By Louise (mother of Charlotte, age 2 yrs)
As fliers were distributed to family, friends, neighbours and school book bags, I began to worry my love of quiz nights was not shared by the masses. But during the weeks that followed, there was a steady stream of requests for tickets and more often than not, for full tables of eight.
In total we sold 125 tickets – a number way beyond our expectations… and enough to make me thoroughly nervous about the whole thing. Had I booked the right kind of catering? Was the quiz too long? Too short? Was the hall big enough? What was I going to say about CMN? Would I suddenly start crying?! I needn’t have worried. After all the organising and fretting – and an enormous amount of help from those around us – the night was fantastic.
The lady who devised and hosted the quiz – a good friend and neighbour, who herself had a single CMN on her face as a child – was brilliant. And the raffle was a storming success. Among the prizes donated by friends and family members were Burberry scarves and umbrellas, a brand new child’s bike and a Boots hamper worth £100. We sold 2,300 raffle tickets in the hall that evening. I almost ran out!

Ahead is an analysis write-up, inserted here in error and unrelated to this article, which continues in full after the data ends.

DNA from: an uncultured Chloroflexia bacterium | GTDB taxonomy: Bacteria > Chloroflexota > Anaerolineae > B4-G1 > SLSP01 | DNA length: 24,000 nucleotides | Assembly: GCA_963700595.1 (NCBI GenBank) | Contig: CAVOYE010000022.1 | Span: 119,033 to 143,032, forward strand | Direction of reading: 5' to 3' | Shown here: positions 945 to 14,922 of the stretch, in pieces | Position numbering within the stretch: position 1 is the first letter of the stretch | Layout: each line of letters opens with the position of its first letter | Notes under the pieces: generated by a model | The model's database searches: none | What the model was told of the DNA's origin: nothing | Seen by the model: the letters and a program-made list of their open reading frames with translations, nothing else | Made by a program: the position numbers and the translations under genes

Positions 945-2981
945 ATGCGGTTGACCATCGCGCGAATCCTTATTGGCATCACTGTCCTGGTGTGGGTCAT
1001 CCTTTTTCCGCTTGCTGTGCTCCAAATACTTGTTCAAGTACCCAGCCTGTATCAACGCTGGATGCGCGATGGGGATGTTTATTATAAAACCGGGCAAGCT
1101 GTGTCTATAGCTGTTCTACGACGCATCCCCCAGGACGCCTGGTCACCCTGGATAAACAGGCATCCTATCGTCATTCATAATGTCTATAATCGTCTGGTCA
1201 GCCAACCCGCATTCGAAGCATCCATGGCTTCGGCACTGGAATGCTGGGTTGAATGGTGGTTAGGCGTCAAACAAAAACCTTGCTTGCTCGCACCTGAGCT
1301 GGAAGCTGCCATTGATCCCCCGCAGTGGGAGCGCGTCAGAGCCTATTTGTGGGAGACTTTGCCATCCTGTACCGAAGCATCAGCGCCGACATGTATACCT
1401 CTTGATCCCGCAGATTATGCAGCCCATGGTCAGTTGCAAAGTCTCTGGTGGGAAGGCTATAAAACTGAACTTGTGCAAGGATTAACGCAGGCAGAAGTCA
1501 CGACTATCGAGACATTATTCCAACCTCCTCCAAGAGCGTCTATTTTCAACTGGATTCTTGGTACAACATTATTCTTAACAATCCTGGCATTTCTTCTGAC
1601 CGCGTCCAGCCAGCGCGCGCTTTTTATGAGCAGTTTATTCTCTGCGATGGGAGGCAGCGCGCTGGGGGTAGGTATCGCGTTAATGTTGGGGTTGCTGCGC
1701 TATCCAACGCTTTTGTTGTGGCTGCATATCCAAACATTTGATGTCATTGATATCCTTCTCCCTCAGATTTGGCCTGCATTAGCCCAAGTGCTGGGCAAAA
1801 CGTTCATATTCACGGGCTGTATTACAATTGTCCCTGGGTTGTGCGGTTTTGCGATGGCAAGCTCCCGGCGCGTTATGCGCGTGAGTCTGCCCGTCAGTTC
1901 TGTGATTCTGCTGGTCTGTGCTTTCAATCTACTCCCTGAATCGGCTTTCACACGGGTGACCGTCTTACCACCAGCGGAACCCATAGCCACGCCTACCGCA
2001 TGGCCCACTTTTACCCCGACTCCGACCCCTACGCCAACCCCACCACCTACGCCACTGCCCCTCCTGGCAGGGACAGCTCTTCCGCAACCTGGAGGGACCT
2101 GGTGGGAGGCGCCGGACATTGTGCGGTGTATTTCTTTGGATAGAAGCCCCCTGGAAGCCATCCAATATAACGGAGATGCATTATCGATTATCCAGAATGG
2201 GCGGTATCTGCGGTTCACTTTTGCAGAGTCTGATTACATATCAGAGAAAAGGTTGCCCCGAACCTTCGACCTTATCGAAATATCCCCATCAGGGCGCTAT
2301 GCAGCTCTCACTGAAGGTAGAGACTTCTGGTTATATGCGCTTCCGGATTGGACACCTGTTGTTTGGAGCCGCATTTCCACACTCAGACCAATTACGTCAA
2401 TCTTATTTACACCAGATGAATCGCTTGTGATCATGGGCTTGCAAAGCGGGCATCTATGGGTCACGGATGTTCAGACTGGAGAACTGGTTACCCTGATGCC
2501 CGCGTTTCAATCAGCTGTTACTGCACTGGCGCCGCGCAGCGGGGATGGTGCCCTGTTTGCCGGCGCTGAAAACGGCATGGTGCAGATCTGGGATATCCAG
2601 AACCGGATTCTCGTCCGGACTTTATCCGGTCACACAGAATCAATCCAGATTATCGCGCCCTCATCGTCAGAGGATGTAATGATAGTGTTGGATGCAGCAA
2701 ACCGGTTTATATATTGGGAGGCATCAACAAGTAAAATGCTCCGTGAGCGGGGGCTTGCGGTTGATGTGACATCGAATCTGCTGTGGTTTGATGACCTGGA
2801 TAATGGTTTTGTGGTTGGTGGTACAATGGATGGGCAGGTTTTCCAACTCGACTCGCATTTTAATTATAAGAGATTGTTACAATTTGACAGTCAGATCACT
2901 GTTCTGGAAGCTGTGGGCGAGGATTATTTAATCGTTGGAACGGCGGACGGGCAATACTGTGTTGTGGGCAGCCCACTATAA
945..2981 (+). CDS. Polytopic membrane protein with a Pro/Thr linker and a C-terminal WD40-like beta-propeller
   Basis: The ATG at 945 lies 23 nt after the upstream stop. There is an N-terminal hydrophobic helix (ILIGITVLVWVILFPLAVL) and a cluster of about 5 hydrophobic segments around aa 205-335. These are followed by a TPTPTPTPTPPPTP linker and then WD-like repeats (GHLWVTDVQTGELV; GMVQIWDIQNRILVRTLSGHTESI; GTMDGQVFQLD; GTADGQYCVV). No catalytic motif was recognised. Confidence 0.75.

Everyone I spoke to was hugely supportive and more than happy to dig deep.
On the quiz night itself, we made a profit of £2,200. But what has amazed us even more, has been the additional personal and corporate donations that have rolled in since that night and have increased our final figure to £4,400.
My brother’s employer – a bank in the City – were able to double a large proportion of the money raised, through their corporate charity scheme. And Charlotte’s godmother, who works for a big accountancy firm, applied to their corporate responsibility programme and they donated another £500.
Neighbours from across the street who were unable to attend the quiz night, suddenly appeared on our doorstep with cheques.
This snowball effect has been staggering. People really are willing to go that extra mile and ‘pull together’ for a good cause. And we are delighted to give this money to Caring Matters Now – especially at a time when Dr Kinsler is turning her attention to potential treatments.
I hope one day our daughter Charlotte will be proud of us – just as we are proud of her.